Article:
Strategy 9 :
Form Profitable Strategic Partnerships
In Strategy 8: Leverage Economic Glue, we explored the value you will bring to your strategic partnerships: high-quality thought leadership content and guidance in using it to drive new business.
Now we will set out the process for building your strategic partnerships. This process, as you will see, is fairly straightforward. Your success depends on your commitment to implementing it—doing what needs to be done very well.
Exhibit 9.1 shows the distinct steps in the partnership-building process. We’ll give a quick introduction of each step now, and then dive deeply into each one throughout the rest of this strategy.
1. Identify Potential Partners
2. Conduct Discovery
3. Secure The Commitment
4. Create The Agreement
5. Implement The Thought Leadership Solution
6. Track Results
7. Your Next Steps
Identify Potential Partners
Your first step will be to connect with potential partners. This is a concern for some financial advisors, but you should be able to reach out and identify possible partners without too much difficulty.
A more important concern is sourcing top-notch centers of influence: accountants and attorneys who have wealthy clients and who are very motivated to increase their revenues. You’ll focus on identifying these higher-potential centers of influence.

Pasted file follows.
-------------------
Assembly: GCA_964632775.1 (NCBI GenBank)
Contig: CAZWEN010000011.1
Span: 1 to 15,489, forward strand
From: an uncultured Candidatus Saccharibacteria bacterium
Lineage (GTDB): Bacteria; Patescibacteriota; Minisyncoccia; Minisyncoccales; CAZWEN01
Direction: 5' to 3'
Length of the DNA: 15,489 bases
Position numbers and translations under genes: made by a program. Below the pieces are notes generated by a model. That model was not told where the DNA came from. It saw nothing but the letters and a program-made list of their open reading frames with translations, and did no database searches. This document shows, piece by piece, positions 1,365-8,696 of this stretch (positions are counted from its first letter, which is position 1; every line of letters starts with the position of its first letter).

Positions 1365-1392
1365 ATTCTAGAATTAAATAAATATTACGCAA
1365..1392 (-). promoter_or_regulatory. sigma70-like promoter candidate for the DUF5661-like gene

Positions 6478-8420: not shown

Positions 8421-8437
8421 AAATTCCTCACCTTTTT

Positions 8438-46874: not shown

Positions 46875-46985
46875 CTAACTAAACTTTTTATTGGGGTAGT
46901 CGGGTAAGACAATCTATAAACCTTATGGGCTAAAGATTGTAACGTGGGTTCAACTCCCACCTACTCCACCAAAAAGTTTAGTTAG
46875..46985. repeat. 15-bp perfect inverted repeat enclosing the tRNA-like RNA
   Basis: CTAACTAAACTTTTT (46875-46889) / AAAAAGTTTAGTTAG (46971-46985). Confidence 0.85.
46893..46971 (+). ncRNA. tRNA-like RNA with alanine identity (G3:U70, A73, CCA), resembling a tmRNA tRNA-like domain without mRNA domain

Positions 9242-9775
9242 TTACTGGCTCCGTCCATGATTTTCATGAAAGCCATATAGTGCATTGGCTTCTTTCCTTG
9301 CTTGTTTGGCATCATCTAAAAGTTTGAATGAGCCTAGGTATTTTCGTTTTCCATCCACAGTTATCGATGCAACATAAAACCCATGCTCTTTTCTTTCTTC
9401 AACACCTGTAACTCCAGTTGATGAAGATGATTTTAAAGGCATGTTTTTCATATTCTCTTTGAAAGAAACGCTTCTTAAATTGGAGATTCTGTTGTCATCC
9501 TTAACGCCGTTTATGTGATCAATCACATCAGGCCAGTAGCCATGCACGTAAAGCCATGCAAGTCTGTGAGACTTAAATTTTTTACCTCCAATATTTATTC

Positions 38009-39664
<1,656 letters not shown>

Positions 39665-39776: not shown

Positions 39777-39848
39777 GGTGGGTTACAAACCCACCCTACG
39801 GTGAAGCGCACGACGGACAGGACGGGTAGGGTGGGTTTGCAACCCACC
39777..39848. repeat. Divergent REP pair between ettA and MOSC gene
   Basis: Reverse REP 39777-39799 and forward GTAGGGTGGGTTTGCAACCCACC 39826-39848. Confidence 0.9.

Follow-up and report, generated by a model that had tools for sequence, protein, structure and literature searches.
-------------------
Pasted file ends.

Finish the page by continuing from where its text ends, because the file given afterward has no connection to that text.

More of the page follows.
Discovery, whether it’s with prospective clients, current clients or centers of influence, is at the core of all the best professional practices. When working with centers of influence, you should gain a solid and complete understanding of each COI’s business model, goals and obstacles. There is an efficient methodology you can use to develop these insights, and we will it share with you.
For simplicity’s sake, we identify discovery as one step of the process, but it’s actually perpetual. You should stay current and informed about the professional and—when it makes sense—personal worlds of your partners. As circumstances change, this allows you to make suitable adjustments.
Secure the commitment
Based on your understanding of a prospective center of influence, you decide whether he or she would likely make a good partner and whether you want to commit to the partnership. We’ll reiterate this throughout this strategy: You select the centers of influence you are going to help become thought leaders. They do not choose you.
Create The Agreement